|Jeremy Bangs in his Leiden museum|
..Even that first Thanksgiving has Dutch roots, Bangs says. It drew not only on biblical harvest festivals but also on the thanksgivings the Pilgrims attended every October 3 in Leiden, commemorating the end of the Spanish siege of 1574, in which half the town’s population died. “An obvious parallel,” he wrote in one essay, to the Pilgrims’ brutal first winter in Plymouth after their voyage across the Atlantic.
Bangs made the reverse journey. Born in Oregon and raised mostly in and around Chicago, he has spent the majority of his adult life in Leiden, amassing vast and formidable expertise that includes but isn’t limited to the Pilgrims. He’s written and edited half a dozen books on the Pilgrims, one of which, Strangers and Pilgrims, Travellers and Sojourners (General Society of Mayflower Descendents, 2009), chronicles their Leiden experience.
But he’s also written about Reformation-era theology, architecture, and art history. His dissertation, written at Leiden University, is on 16th-century Dutch tapestry weaving and church furnishings. In high school, Bangs was a good enough bassoonist to be accepted to Juilliard without applying (he didn’t go), and he first arrived in Leiden as a 22-year-old working artist, three courses shy of a college degree from the University. “What makes Jeremy so special,” says Anderson,“is that he has such a broad—I mean, he’s an art historian, he’s an architectural historian, he knows the theology, and he knows the languages and the history behind all of it.” A onetime biochemist who took a break from the lab in 1976 and never went back, Anderson got interested in genealogy after a great aunt died, leaving behind a family Bible with some unknown names and birthplaces. Now he directs the Great Migration Study Project, an effort to catalogue every single emigrant who settled in New England between 1620 and 1640. It’s close work and, after 25 years, only half finished. “We’ve batted stuff back and forth over decades now,” he says.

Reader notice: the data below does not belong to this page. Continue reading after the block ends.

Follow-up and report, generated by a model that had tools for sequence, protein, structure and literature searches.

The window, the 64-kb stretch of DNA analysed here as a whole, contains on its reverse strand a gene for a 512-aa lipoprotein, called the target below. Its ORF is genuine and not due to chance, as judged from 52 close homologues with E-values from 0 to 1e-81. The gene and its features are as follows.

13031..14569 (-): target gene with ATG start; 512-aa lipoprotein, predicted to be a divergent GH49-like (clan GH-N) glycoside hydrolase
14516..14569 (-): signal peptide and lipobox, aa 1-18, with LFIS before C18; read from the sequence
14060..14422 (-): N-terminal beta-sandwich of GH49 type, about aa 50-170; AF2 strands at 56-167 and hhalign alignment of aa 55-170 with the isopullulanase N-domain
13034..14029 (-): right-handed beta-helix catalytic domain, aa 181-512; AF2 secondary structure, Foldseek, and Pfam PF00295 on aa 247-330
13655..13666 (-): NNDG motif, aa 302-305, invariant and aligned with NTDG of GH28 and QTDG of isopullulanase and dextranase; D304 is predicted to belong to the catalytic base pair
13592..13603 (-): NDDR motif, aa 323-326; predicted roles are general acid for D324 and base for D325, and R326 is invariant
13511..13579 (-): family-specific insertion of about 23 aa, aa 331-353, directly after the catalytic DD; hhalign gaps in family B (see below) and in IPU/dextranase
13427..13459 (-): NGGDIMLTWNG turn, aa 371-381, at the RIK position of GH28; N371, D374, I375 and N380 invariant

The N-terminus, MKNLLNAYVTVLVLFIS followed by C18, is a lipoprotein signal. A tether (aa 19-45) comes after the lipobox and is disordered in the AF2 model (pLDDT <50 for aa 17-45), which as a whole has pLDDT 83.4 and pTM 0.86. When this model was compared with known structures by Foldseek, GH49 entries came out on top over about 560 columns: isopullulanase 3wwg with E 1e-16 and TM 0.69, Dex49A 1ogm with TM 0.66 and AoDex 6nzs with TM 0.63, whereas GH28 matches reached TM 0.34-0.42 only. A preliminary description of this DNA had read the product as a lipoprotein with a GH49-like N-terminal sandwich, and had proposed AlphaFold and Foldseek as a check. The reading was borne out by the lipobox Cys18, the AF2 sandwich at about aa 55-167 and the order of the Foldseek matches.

Now 67, Bangs seems to remember everything he’s ever read. He walks with a slight limp and carries a cane, a result of the multiple sclerosis he was diagnosed with almost 20 years ago. But it doesn’t keep him from hopping up onto a chair or a bench to show off a high-hung painting or to grab an artifact he thinks a visitor might like to see. When his jokes aren’t corny—“some of the oldest things in the collection are my jokes,” he says—they are wry and acerbic, and punctuated with an almost inaudible chuckle. The longer you talk to him, though, the more his reserve unwinds into a kind of guarded warmth. And at all times, he radiates the coiled patience of someone who knows the answer to most any question you might ask and is just waiting for you to ask it. “He knows everything,” says Sandra Perot, a PhD student from Massachusetts who interned with Bangs at the museum this past summer. “With Jeremy, part of it is wanting to know what you want to know about the story."